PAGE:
Fearless consumption boom
Global Economic Update
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Politicians love InvestPart of the reason is visual appeal: hard hats and construction projects are a good metaphor to illustrate how they will rebuild the country; a new science campus shows the possibilities of the future; Bridge and train Show them how to reconnect a disconnected person. But the reverence for investment is a trap that many of us fall into: treating it as a good consumption, and consumption, the larger but less popular brother, is unsustainable and inefficient. This view with a Puritan atmosphere is wrong.A potential Consumer-driven recovery It has nothing to do with the pandemic.
Economists roughly divide expenditure into two categories: investment and consumption. In this case, investing does not mean buying financial assets, but producing real assets-everything from building office buildings and oil rigs to designing new user interfaces for mobile applications. These are all goods and services for production, so our idea is that having more will eventually make a country richer. Consumption is everything, from food to furniture. Its purpose, beyond necessities, is to make our life here and now better.
The worrying thing is that, although it provides all the enjoyment, excessive consumption means that society is “eating corn seeds”, as the saying goes, failing to set aside resources to maintain the future standard of living. Infrastructure spending or tax breaks designed to promote investment are easier to sell as a way out of recession than stimulus checks, which can be used for trivial things.
However, these two types of expenditures are mixed up. Investing in a redesigned company headquarters can indulge yourself like enjoying a Michelin-starred tasting menu. Royal Yacht It is unlikely to increase production capacity. On the other hand, consumption includes health and education as well as entertainment. Vaccines may be “consumed” when they are pierced into a weapon, but they are still the down payment in the future.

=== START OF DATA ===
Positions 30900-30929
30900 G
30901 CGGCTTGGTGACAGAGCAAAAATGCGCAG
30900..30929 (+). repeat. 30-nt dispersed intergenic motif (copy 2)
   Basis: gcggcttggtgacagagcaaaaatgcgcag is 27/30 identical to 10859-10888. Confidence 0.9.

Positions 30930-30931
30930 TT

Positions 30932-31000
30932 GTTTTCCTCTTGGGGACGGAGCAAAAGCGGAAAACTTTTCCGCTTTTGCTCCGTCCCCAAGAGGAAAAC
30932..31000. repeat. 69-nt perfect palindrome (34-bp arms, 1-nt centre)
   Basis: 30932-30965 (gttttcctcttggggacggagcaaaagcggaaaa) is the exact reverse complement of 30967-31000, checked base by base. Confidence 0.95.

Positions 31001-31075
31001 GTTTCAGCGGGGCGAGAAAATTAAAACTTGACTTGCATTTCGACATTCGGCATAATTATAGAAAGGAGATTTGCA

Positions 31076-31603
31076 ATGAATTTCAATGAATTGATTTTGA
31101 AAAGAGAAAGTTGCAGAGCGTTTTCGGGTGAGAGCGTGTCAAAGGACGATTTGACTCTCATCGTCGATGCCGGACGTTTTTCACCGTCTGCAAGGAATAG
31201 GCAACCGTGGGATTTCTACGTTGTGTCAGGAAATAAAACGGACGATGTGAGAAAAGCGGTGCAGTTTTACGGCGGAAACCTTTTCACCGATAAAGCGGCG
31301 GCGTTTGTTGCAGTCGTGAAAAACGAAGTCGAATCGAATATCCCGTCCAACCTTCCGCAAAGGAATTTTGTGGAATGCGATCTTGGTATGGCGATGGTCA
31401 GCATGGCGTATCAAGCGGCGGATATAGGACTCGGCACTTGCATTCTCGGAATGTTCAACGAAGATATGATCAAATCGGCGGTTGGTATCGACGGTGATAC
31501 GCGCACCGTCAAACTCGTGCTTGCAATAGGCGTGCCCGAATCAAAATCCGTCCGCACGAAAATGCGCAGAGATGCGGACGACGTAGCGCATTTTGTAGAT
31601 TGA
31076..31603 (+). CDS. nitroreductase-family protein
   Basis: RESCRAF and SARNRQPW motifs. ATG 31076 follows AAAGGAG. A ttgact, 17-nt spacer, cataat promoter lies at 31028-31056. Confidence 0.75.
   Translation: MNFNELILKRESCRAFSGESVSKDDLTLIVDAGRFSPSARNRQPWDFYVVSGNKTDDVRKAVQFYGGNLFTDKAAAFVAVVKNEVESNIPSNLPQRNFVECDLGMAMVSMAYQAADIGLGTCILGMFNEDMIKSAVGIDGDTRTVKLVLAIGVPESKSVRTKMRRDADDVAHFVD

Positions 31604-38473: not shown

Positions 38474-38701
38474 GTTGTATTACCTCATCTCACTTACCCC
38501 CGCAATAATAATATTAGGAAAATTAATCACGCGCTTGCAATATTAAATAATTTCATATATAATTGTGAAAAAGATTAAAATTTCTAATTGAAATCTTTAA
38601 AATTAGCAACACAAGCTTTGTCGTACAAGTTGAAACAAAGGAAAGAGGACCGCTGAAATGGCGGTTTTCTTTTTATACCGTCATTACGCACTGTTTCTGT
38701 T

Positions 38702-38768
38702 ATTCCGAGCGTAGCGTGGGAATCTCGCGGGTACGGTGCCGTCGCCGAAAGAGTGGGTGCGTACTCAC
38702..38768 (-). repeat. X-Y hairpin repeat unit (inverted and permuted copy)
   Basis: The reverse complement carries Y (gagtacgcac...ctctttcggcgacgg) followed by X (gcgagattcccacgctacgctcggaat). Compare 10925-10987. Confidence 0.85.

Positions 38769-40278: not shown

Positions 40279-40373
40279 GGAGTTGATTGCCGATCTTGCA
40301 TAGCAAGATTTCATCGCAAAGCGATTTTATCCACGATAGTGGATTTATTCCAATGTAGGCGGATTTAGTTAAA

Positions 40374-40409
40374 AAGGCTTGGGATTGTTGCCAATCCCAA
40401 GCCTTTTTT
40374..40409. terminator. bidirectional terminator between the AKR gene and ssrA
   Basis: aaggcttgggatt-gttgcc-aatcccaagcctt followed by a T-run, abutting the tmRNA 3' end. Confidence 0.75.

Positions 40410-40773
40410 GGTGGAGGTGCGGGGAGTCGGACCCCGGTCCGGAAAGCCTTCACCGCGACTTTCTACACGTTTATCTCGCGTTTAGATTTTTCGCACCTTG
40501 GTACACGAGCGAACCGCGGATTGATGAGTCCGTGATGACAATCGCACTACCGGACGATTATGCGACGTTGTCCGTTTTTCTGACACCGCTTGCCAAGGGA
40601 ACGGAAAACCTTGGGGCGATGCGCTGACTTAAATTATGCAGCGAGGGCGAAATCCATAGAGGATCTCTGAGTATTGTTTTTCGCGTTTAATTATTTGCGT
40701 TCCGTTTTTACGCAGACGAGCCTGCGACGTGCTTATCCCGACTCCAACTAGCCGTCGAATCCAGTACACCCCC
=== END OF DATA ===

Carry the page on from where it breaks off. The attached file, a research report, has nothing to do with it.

The focus of China’s recovery from the coronavirus pandemic is to promote investment and industrial production, setting aside long-term discussions about consumption “rebalancing.”This Investment-driven growth model So far, it has served China very well, just as it did for many countries that have experienced the industrial revolution. For many poorer countries, as the capital stock increases, productivity and wages are gradually increased, and higher investment will lead to a higher standard of living.
But capital expenditures will soon fall into a situation of diminishing returns, because a country needs a limited number of steel furnaces and housing projects. At this point, economic growth is more about increasing productivity. Investment is still essential-to keep up with technology or to replace equipment-but investment alone cannot bring about a stronger economy. It is no longer to increase the stock of seed corn, but to come up with higher-yielding varieties or better farming techniques.
Although there are some specific problems that can be solved through targeted investment – poor quality and expensive housing in the UK, lack of fiber-optic broadband in Germany, bridges in the United States, and reduction of ubiquitous carbon emissions – the post-industrial developed countries are now Having more capital per worker will not promote growth as it used to. In the G7 groups of large advanced economies, there is almost no obvious correlation between the two. Overall investment And economic results: relatively slow growth Japan At the top of the list, it spends 25% of its national income on capital, while the United Kingdom, which also lags behind in growth, is at the bottom with a ratio of 17%.
The British capital-light economic model reflects the high share of the service industry in the economy and has advantages. According to Eurostat, Although Finland’s per capita national income is 6.7% higher, the average consumption of the British in 2019 is about the same as the average of the Finns. Spending less on factory equipment means that the average British spend more on entertainment and entertainment. Higher consumer demand can increase productivity.As Government Research Institute Report Point out that restaurants in London may be “more productive” than restaurants in other parts of the country because they have more customers than better managers.
As Adam Smith in Wealth of Nations, The only reason we produce anything is consumption. If it provides material conditions for a better life, it is a sign of economic success: the point of putting corn seeds aside is that you can finally eat what you grow.